Interestingly, the only major element of bioi that Burridge finds lacking in the Gospels are titles, which he assumes are later additions. Hengel's work would seem to solve that mystery.

Epicycles and Non-Prophet Conclusions

At the end of the day, I would argue that all of these pieces of evidence should give us very serious pause when it comes to simply accepting the idea that the utterances of the early Christian prophets were (1) not distinguished from what Jesus said during his public minsitry and (2) were placed on the lips of Jesus by the evangelists.

It seems to me that many scholars allow their own presuppositions about who Jesus was and what he could and could not have said to shape the way we actually interpret the evidence we have available to us. In fact, it seems to me that while there is absolutely no external evidence to support the form-critical model of a long annonymous transmission process scholars simply accept it because they can imagine something like that happening in the early Church. At the same time, where there is clear external evidence for how the early Church transmitted the teaching of Jesus that evidence is ignored or explained away.

Ultimately, it seems it has to be explained away because it doesn't fit the view preconceived model.

In the end, the whole situation reminds me of "epicycles." When Ptolemaic astronomy which held the earth to be the center of the universe began to run into problems calculating the movement of the stars Ptolemaic astronomers figured out a solution--there were cycles within cycles. As time went on astronomers had to incorporate more and more complicated cycles into their system to account for the way the stars moved. By the time of Copernicus such models were outrageous.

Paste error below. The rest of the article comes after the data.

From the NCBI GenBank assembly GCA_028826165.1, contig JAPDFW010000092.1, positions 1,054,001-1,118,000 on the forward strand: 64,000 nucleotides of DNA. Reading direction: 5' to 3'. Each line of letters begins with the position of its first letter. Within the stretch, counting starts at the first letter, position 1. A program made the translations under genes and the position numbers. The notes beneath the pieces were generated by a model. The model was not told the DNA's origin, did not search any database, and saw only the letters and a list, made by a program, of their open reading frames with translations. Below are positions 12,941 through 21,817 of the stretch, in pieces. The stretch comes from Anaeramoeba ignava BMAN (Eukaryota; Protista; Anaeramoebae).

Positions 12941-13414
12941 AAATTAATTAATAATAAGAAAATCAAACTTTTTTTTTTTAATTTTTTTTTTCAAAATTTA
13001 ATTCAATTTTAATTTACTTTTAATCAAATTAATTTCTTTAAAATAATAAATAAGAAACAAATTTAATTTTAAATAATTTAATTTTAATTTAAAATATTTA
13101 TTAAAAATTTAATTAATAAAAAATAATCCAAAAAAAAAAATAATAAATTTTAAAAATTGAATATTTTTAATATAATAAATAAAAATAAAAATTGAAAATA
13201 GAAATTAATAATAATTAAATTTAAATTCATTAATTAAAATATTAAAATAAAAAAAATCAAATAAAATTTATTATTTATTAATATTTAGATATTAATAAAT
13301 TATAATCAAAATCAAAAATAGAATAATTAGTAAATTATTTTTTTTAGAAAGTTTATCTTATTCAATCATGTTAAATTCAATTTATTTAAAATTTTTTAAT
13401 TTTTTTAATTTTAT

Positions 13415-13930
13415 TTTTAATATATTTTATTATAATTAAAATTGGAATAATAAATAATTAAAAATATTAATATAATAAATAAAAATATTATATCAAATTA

Copernicus explained that these extra cycles could all be eliminated if one recognized the sun, not the earth, was the center of the universe. What followed was the Copernican revolution.

When one looks at the form-critical models at work today and complicated theories suggested about the transmission of the Jesus tradition, I'm starting to wonder if we're looking at more epicycles.

Christian prophets might have said...

Their teachings might have been placed on equal footing with...

After a period of time, the Christians then came to believe...

Or perhaps the distance between Jesus and the evangelists is not as far as some have thought.

Perhaps all of these theories are epicycles which are propping up a failing dogmatic theory which is contradicted by evidence people are simply explaining away; perhaps the earth does not revolve around Bultmann and form-criticism.

Sunday, August 10, 2008

Possible and Plausible: Criteria of Authenticity, Christian Prophets and the Jesus Tradition

I've been re-working a section in my dissertation on the so-called "criteria of authenticity" in historical Jesus research. I thought I'd do a series of posts on the topic here as I flush out some ideas. I am quite interested in any feedback--especially from anyone whose done any work in this area already. For those who are not familiar, perhaps this will be a helpful introduction. This post will serve as a kind of introductory discussion.

The use of "criteria of authenticity" really came into its own in the middle of the 20th century, in large part as part of a response to the work of Rudolf Bultmann who had essentially denied the possibility of establishing a historically viable portrait of Jesus' ministry. Bultmann believed that the early Christianity community itself was responsible for many of the sayings of Jesus in the Gospels. (Incidentally, it has really only been relatively recently that scholars have come to consider the problem of ignoring the deeds of Jesus.)

The common term used to describe the historical Jesus research which responded to the skepticism of Bultmann is the "New Quest," i.e., as opposed to previous "quests"--particularly the work of Albert Schweitzer--to establish the truth about the historical Jesus.

While some disagree with the idea of identifying different categories of Life of Jesus research (e.g., the Old Quest, the New Quest, the Third Quest, etc.)--a position to which I have been sympathetic myself--I have found myself in total agreement with Michael Bird's assessment [cf. his outstanding article, “Is There Really a ‘Third Quest’ for the Historical Jesus?” in Scottish Bulletin of Evangelical Theology 24.2 (2006): 195-219] that such taxonomies are helpful in identifying various trends in research.

And there is no doubt in my mind that the "New Quest" marked a new trend in Jesus research in which writers placed great confidence in the use of the "criteria of authenticy" in the hope of distinguishing those teachings of Jesus in the Gospels which actually originated with him.